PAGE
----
Elevation: 2627 m
Elevation gain: 920 m
Read’s Tower is a distinctive outlier on the western slopes of Mount Sparrowhawk. The tower was named for skier Kevin Read, a member of the “Crazy Canucks.” The Crazy Canucks were a group of Canadian alpine skiers who rose to prominence on the World Cup circuit in the 1970s and 1980s where their reckless but effective style drew much media attention. Following a successful skiing career, Read has remained active in winter sports as a former president and CEO of Alpine Canada and a key leader involved in the creation of the “Own the Podium” program.
June 24 2008
After setting out on a June morning with Mount Sparrowhawk as our objective, Grant and I quickly realized that the weather and current conditions (SNOW) would make the ascent unpleasant and, quite likely, dangerous. Plan B was quickly put into action and our focus shifted towards an ascent of Read’s Tower.
Like all good scrambles this one started with a moose.
A moose who got uncomfortably close...
Following the drainage suggested by Kane. The first half of the way up looked pretty much like this. A trail would have hit the spot (only years later did I discover that there is, in fact, a trail just to the south of the drainage that Kane suggests you go up!
Grant and I got quite excited at the first semblance of a view through the trees! Grant looks excited, doesn’t he?
The first view: A steep flank of Mount Sparrowhawk. It wasn't that overcast, the white at the top is actually all snow.
When there's still this much snow below the treeline, you may be in trouble...the correct route up Mount Sparrowhawk ascends just to the left of the high point (Read’s Tower) on the right.
Picturesque alpine scene looking down at Spray Lake.
Summits to the south.
Grant in front of Read's Tower. The route up Mount Sparrowhawk goes along the base of the cliffs. Too much snow?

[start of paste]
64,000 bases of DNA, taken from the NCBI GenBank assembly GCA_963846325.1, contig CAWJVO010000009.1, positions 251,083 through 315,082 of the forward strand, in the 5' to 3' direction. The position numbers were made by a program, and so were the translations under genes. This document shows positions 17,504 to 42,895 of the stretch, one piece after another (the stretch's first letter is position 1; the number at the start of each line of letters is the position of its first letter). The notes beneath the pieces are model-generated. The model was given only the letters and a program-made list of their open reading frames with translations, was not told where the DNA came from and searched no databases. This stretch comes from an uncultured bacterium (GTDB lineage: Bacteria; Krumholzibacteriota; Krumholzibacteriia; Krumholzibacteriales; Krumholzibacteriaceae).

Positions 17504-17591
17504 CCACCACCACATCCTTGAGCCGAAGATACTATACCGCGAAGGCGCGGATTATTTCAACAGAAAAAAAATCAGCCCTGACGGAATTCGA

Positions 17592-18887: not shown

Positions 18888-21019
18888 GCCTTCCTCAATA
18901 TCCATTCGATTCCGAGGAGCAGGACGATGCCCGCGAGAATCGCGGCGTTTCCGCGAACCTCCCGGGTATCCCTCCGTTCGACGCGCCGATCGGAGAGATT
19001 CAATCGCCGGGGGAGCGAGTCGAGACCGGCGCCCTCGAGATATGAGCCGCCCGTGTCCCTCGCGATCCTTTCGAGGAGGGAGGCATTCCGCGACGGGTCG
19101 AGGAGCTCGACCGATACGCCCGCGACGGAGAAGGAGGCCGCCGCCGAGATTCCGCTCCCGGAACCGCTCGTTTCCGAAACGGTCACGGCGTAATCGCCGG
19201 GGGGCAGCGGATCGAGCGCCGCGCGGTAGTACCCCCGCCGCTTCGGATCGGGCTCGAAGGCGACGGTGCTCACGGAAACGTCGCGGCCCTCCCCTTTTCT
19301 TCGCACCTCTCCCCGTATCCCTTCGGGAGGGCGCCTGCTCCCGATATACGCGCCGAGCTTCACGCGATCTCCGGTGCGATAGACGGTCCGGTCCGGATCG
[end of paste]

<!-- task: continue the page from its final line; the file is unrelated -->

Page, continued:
The route up Mount Sparrowhawk follows the snow-filled chute, which appears to have been the site of several recent avalanches.
Close-up of the avalanches blocking our paths. It was at this point that we opted to save the summit of Mount Sparrowhawk for another, less snowy day!
Peak to the south.
We may not have been able to go up Mount Sparrowhawk, but we consoled ourselves by scrambling up Read's Tower which was windswept and bare.
Dizzying cliffs on Read's Tower.
The west flank of Mount Sparrowhawk from the summit of Read's Tower. The sun finally came out, granting us a view of the Three Sisters to the north.
Adjacent summits above the Sparrowhawk tarns to the south.
Grant enjoying the sun and the summit (of Read's Tower at least).
The summit of Mount Sparrowhawk itself remained shrouded in clouds and snow. We probably didn’t miss much in terms of the view!
Looking south along Spray lake from Read's Tower.
Spray Lake at our feet.
Looking north towards Canmore and Banff. The Big and Middle Sister still capped by snow.
Panorama of Spray lake from the top of Read's Tower. Click to see larger.
Summit pose before heading down.
Sun shining on Mount Sparrowhawk after we'd descended Read's Tower.
Fly on your wings like an eagle!
The only time we saw the summit of Mount Sparrowhawk (left) all day. Read's Tower is on the right. This view was only present for ~30 seconds before the clouds engulfed it again.
Post holing through the deep snow on descent.
Traipsing through the endless, pathless, moss and conifers upon descent. At least it was soft if and when you fell.